Major solar investor Foresight Group has more UK battery storage projects firmly its crosshairs and could branch out into both C&I and co-located projects in the near future.
Last week the infrastructure investment group made its maiden battery storage purchase, acquiring the 35MW Port of Tyne project from RES.
Speaking to our UK sister publication Solar Power Portal following the deal, Dan Wells, partner at Foresight’s infrastructure team, revealed that the firm was looking at doing more in battery storage in the not too distant future.
“We have a very active pipeline of further lithium ion storage projects and we’re very keen to speak to developers who have pipelines in terms of grid-scale, looking at behind the meter C&I applications [and] co-location with renewables,” he said.
The Port of Tyne project is one of a handful of battery storage projects in the UK which have the luxury of being supported by both Enhanced Frequency Response and Capacity Market revenue streams, sources which Wells revealed make up for more than 50% of the project’s revenue stack.
Wells said Foresight did not have a minimum target on the proportion of contracted revenues it would seek from further battery purchases, merely that the investment approach would be adapted to take into account the short-term basis of un-contracted revenues.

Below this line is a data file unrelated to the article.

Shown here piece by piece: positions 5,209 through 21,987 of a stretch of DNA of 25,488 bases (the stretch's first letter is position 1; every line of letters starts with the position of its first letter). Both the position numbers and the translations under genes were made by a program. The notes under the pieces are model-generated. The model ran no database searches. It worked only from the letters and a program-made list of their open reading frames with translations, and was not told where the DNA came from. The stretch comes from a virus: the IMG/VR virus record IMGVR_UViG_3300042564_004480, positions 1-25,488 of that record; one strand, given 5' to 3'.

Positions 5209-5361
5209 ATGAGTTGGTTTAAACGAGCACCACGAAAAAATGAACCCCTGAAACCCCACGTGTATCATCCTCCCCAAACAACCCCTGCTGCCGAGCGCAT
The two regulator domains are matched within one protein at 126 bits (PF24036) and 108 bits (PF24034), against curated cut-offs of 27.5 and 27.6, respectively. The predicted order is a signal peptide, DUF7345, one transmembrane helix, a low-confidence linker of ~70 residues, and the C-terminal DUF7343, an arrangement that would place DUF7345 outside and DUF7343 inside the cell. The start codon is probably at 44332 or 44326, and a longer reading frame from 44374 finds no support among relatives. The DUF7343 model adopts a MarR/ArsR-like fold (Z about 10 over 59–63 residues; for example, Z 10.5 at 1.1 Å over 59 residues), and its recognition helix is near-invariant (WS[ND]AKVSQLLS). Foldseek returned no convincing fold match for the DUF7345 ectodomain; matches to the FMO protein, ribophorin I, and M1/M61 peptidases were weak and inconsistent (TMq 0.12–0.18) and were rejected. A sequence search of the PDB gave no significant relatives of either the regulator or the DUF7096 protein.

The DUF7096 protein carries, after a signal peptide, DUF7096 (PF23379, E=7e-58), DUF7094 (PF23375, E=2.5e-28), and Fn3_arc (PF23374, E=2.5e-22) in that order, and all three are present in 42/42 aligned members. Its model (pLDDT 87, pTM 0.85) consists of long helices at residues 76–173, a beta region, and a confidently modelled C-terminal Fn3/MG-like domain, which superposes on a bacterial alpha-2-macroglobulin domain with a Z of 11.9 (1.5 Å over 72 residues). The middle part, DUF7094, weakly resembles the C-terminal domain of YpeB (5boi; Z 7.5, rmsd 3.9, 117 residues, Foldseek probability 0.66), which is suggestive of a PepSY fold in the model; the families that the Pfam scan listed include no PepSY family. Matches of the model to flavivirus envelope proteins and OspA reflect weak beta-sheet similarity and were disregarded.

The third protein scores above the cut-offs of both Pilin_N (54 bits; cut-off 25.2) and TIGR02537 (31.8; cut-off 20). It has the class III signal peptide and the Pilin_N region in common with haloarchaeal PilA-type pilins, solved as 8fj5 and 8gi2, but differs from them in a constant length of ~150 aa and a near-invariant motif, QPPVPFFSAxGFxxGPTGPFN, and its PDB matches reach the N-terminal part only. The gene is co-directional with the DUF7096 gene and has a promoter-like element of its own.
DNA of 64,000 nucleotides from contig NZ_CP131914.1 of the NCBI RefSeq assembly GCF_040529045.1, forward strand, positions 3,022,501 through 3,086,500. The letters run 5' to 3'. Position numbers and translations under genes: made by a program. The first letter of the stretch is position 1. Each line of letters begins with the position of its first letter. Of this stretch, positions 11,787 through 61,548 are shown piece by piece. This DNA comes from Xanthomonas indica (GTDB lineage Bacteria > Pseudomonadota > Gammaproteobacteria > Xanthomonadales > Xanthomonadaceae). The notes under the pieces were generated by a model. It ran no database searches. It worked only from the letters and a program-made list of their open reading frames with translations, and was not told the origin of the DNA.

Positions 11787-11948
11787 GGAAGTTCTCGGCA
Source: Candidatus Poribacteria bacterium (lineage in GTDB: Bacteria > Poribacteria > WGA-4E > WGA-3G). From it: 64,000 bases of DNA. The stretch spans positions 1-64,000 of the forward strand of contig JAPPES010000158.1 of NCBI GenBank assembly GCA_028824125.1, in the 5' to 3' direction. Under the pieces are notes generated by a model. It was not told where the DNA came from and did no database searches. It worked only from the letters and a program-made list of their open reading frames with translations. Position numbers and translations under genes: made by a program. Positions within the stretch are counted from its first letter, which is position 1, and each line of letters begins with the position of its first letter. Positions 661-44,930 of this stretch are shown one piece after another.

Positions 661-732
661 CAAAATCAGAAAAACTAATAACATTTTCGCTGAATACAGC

And it’s this adapted approach that is more likely to be taken into other battery storage markets, particularly in the C&I field.
“It does require a somewhat different mind-set because these will be mostly assets with a lower contractual coverage, and it will be that we'll be looking at other frequency regulation revenues.
“Our view on life is just to be somewhat conservative over the size of the frequency regulation market, and cognisant of the fact it may become saturated in the not too distant future, and therefore our downside scenarios are around looking at where the revenue streams come from in those cases,” he said.
National Grid’s EFR tender was four-times oversubscribed with circa 1GW of applications bidding for just 200MW worth of tender allowance, evidence of significant interest in the UK’s frequency regulation market.
The UK grid operator last week outlined plans to overhaul this service market and has proposed to combine both the EFR and FFR tenders into one, broader auction pencilled in for March 2018.
Meanwhile Foresight has refused to rule out purchasing aggregated portfolios of smaller storage installations – much like how it has taken on rooftop solar portfolios – provided it can find the right partners to work alongside.
“Our mindset is that as an investment manager our job is to put large amounts of institutional and retail capital to work. But, the way the energy space is going is that you have to be able to look at decentralised, programmatic-type investments as well as chunky, single-site type assets. That's just how it's evolving,” Wells said.